“Go ahead, watch it right now with us,” instructs Blue Hawaii front woman Raphaelle Standell. She texts me a link to a YouTube video that her bandmate Alexander Kerby has been obsessing over during our Skype interview. We’re worlds away. I’m in Los Angeles, and the band is on vacation in Athens, Greece, but the sight of a beluga whale happily bobbing in its tank, watching a mariachi band play, while Kerby, Standell, and I coo in unison makes the distance insignificant.
It’s that sense of digital intimacy that’s explored on the duo’s second full-length album, Tenderness. Onetime romantic partners who met in Montreal’s DIY music scene, their debut EP, 2010’s Blooming Summer, was a warm soundscape, inspired by a backpacking trip through Central America. But by the time they started recording their debut album, Untogether, in 2013, the couple were already separating. The icy beats and haunting layers became a breakup album. After its release, the duo put their project on hold and took time apart. Now, four years later, Standell and Kerby — who go by the names “Raph” and “Agor” — are close friends and bandmates again. But it took some time to get there.
In the years following Untogether, Kerby relocated to Berlin and London to focus on DJing and producing. Standell stayed in Montreal to work with her other band Braids. It wasn’t until they both found themselves in Los Angeles that the two reconnected as Blue Hawaii.
It wasn’t planned, Standell tells me. Admitting she works best, creatively, in partnerships, Standell began regularly meeting up with Kerby to ignite some inspiration, leaving her humid pool-house apartment to hang out at “Glamdale,” the name Kerby gave his mirror-heavy rented mansion. The pair would walk the dogs left in Standell’s care, hang out, and make music.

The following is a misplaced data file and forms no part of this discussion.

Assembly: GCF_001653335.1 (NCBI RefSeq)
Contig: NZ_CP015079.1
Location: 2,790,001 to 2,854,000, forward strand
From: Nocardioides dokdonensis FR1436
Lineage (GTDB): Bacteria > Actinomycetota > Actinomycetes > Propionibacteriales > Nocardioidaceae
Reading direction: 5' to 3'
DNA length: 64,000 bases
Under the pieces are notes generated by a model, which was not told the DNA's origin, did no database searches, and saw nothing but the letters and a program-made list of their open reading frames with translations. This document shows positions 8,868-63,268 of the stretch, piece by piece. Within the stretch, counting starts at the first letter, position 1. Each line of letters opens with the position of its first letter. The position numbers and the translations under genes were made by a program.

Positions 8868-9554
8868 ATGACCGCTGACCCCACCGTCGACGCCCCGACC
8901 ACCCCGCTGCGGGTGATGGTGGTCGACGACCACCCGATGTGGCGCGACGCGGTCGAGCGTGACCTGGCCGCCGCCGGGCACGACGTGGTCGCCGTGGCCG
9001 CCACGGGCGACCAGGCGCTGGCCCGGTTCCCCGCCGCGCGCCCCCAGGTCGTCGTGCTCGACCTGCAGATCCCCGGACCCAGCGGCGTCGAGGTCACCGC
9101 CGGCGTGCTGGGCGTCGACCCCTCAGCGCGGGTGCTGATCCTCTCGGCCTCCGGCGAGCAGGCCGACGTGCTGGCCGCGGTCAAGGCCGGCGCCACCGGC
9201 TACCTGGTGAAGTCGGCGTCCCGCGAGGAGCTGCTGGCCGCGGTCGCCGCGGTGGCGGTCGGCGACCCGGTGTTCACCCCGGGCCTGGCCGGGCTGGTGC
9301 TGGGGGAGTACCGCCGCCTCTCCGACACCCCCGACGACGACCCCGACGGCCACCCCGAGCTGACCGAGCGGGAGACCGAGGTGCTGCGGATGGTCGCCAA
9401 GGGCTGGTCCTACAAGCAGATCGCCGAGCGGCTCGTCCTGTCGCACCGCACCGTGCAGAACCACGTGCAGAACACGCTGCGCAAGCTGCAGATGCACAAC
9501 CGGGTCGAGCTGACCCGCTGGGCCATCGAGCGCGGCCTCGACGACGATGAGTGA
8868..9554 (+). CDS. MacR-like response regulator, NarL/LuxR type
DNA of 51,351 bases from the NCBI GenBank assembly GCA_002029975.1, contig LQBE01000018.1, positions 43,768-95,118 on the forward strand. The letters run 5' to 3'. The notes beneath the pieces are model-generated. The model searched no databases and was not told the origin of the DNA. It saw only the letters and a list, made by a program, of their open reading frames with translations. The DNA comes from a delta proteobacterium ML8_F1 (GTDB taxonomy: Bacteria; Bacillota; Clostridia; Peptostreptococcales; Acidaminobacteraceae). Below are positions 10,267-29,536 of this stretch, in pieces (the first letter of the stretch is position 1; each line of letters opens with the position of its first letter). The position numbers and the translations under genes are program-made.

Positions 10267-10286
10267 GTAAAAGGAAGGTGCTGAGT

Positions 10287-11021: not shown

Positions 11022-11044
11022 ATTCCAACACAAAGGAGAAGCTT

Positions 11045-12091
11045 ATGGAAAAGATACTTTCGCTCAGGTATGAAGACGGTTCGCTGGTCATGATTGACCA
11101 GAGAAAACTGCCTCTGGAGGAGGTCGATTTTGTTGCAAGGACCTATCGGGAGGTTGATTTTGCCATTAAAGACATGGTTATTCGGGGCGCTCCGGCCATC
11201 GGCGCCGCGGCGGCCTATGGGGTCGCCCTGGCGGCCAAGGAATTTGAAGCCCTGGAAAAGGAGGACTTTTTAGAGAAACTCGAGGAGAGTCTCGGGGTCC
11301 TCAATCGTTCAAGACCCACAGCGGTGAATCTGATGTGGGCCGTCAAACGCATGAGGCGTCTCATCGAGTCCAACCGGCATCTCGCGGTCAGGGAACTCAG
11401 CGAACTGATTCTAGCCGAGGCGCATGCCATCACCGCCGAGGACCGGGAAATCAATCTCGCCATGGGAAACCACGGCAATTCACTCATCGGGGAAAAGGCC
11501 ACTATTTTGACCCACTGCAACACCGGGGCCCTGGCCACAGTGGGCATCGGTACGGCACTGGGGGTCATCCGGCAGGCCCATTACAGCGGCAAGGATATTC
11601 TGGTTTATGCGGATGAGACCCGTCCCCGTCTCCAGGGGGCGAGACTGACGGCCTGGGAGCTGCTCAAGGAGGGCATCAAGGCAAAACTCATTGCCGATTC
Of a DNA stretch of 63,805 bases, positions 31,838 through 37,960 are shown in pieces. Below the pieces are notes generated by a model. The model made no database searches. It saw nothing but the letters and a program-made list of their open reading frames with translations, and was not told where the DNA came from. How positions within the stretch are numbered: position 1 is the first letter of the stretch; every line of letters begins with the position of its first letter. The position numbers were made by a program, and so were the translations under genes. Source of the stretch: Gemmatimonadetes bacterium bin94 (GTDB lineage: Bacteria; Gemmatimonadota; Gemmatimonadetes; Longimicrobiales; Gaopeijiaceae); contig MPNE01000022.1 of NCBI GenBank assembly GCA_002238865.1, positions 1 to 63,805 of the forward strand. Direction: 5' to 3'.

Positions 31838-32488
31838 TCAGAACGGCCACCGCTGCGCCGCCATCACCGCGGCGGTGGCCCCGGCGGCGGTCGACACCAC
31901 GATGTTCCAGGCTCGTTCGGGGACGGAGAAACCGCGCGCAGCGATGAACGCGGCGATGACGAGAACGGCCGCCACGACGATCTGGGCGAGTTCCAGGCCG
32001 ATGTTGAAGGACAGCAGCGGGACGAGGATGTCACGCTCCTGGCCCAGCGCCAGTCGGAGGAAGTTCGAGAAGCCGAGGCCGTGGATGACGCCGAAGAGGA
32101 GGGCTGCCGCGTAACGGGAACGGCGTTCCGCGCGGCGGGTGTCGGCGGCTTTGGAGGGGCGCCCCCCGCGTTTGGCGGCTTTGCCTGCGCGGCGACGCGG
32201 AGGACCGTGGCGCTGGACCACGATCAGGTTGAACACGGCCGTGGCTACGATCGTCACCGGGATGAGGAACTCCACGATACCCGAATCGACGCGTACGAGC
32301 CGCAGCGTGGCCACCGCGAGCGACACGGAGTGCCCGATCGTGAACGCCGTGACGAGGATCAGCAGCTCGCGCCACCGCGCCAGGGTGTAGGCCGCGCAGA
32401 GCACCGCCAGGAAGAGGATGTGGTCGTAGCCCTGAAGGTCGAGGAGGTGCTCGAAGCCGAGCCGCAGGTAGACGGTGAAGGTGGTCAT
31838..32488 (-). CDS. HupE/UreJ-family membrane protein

“It was just so easy,” Standell says of their impromptu recording sessions. “Alex and I tend to write really quickly. And we found we were doing exactly that.”
During that time, Standell also ended a long-term relationship that had existed primarily through text message due to both distance and her touring schedule. Tenderness’s warm disco beats, swoony string samples, and washes of synth became the backdrop for her emotional postmortem, her feelings swinging from nostalgic (“No One Like You”) to sorrowful (“Make Love Stay”) and back again. The band’s album cover — an image of Standell and Kerby on a couch in Glamdale’s bubblegum-colored living room, distractedly texting other people — perfectly captures the mood she wanted to convey.
“When you have a long-distance relationship, there’s so much projection and so much fantasy,” Standell says. “You’ve built this person from afar into an ideal, and it’s really hard when it comes crashing down. It’s really hard when you realize you’ve done this to yourself.”
Their sixteen-track album also tackles another feeling that comes as a result of digital-only intimacy: loneliness. It’s seen in the tracks and lyrics, from a wildly speculative voice message from Standell’s aunt, who, unable to get in contact with her, is forced to guess what the “big news” might be (“I was thinking maybe you’re pregnant,” she says, backed by a grimy dance beat) to “Younger Heart,” which tackles the idea of romance and miscommunication in the digital age (“Wanted you to want me / Ignoring the growing pain of this arm candy game”). The video for “Younger Heart” (which Lenny is premiering) continues exploring that sense of disconnect. In it, Standell is wandering the streets of Athens alone, texting flirty videos and gazing sadly out of plane windows, with all the footage captured on cell phones.